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Alcohol MisuseContact Dr Kamal Gupta

Drinking alcohol is a common pleasure but for a variety of reasons, some people drink too much and it becomes a risk to their health.

How much alcohol can I drink safely?

Alcohol is measured in units. A unit of alcohol is equivalent to 10ml of pure alcohol, which is roughly half a pint of normal strength lager, a small glass of wine or a single measure (25ml) of spirits. The recommended daily limits of alcohol consumption are no more than three to four units a day for men and no more than two to three units a day for women.

How do I know if I'm drinking too much alcohol?

Some signs that you could be misusing alcohol include regularly exceeding the recommended alcohol limit, feeling that you should cut down on your drinking, being annoyed when people criticize you for drinking too much and needing a drink first thing in the morning to steady your nerves or get rid of a hangover. Being unable to remember what happened the previous night is also an indicator.

How is alcohol misuse treated?

How alcohol misuse is treated will depend on how much a person is drinking. Treatment options depend on the nature and extent of the problem. For example for the individual who is physically dependent it may require hospitalization and assisted detoxification with the use of medications for a comfortable withdrawal. Most individuals benefit from counseling : including self-help groups and talking therapies and sometimes medication to help reduce the cravings for alcohol. Sometimes longer periods of rehabilitation may be required especially for those with chronic dependency with multiple relapses.

Medication management.

There are several medications used to treat alcohol misuse. Some are used to reduce withdrawal symptoms during detoxification and others help you stay sober during the long process of recovery by reducing cravings or stopping you gaining pleasure from drinking alcohol. Occasionally medications can also be used as a deterrent.

Counseling & Therapy.

Most sufferers find that talking to trained healthcare professional to be a useful and important part of treatment. Therapy can help you understand the reasons for your drinking, and give you skills to control or stop the urge to drink.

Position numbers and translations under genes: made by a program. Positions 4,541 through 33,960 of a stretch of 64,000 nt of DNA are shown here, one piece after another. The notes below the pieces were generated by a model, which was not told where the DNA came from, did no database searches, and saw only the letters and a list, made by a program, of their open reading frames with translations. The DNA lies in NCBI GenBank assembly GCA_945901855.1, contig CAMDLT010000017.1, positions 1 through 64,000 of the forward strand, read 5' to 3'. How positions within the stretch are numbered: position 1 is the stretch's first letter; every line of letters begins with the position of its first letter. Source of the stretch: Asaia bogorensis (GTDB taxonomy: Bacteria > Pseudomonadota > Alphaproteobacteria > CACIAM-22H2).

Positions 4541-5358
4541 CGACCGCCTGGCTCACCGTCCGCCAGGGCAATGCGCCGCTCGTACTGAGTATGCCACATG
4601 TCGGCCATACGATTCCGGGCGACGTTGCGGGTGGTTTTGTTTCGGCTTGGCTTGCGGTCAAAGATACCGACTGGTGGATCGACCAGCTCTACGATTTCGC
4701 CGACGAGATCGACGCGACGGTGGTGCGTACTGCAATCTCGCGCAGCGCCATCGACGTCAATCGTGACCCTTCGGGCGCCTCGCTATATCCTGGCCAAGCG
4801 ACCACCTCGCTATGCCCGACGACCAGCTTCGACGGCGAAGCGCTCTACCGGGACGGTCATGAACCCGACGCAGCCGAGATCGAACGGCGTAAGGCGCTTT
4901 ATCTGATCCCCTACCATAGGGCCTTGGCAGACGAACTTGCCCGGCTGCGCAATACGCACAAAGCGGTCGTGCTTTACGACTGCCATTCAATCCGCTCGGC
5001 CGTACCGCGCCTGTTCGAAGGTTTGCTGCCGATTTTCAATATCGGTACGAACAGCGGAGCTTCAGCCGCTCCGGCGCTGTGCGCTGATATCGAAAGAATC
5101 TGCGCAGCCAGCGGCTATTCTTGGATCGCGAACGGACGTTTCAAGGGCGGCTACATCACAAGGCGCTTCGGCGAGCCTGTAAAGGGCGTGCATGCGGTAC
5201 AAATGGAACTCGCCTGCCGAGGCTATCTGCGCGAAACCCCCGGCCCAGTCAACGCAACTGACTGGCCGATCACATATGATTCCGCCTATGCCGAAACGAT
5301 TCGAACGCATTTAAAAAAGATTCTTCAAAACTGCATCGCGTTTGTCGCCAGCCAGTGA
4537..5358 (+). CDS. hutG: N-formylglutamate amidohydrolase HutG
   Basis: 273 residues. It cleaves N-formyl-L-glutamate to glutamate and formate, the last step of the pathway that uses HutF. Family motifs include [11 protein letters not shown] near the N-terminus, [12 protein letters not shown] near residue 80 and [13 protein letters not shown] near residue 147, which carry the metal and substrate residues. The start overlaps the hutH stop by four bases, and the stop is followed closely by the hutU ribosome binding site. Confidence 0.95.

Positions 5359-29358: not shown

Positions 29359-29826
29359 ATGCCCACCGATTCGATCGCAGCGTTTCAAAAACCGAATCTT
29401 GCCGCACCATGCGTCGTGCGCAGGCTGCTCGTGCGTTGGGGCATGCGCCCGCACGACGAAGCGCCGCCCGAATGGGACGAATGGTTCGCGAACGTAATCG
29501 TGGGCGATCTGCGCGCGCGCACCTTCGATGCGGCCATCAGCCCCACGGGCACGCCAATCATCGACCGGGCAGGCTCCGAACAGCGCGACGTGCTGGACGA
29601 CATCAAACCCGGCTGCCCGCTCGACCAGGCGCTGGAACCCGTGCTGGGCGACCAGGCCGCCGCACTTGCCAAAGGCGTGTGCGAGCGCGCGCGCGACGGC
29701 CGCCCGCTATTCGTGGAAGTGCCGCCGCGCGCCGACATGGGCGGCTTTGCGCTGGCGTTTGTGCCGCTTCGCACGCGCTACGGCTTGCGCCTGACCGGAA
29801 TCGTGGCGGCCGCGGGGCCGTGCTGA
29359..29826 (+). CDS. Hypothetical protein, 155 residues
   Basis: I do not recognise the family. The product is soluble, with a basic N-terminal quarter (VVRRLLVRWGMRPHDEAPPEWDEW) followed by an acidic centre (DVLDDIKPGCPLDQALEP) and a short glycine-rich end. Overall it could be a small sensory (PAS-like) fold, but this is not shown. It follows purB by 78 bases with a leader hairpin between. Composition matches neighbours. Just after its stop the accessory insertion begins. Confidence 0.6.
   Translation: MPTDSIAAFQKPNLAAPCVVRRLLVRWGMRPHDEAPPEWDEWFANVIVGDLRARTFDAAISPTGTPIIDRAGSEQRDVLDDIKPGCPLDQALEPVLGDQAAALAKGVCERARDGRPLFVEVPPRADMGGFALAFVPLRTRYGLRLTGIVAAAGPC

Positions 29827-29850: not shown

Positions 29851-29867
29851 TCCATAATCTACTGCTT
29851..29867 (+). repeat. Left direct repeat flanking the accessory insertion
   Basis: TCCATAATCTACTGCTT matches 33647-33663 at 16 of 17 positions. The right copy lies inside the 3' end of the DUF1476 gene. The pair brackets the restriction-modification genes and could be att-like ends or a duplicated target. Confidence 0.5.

Your partner or family may also be invited to attend counselling with you and be involved in your treatment.

Cognitive behavioral therapy (CBT) is a talking therapy that emphasizes a problem-solving approach to alcohol dependence. It helps to identify unhelpful and unrealistic thoughts and beliefs that may be contributing towards your alcohol dependence.

Group Therapy and Day Care.

Treatment for alcohol abuse and dependence usually includes group therapy within a day care setting and can provide regular, intense support and treatment for those who cannot stay away from home. It provides the opportunity for people struggling with dependence to discuss their alcohol dependence amongst others with the same problem and to explore the reasons why it they became dependent and how best to overcome it. Day care settings also provide the opportunity for patients to attend on a daily or regular basis to receive the support they need to help manage abstinence and develop skills to prevent relapse.

In-Patient Care.

If you're a heavy drinker, you may need to be supervised by health professionals while you give up. This is partly because the physical withdrawal symptoms associated with stopping drinking can carry risks. Detoxification or "detox" is a planned withdrawal from drinking alcohol and may involve taking a short course of medicine to help prevent withdrawal symptoms. Patients simultaneously attend a group therapy programme to develop an understanding of their problem and skills to combat their desire to drink.

For more information contact me on Tel No: 020 7535 7702 Or Email: info@privatepsychiatristpractice.co.uk

 

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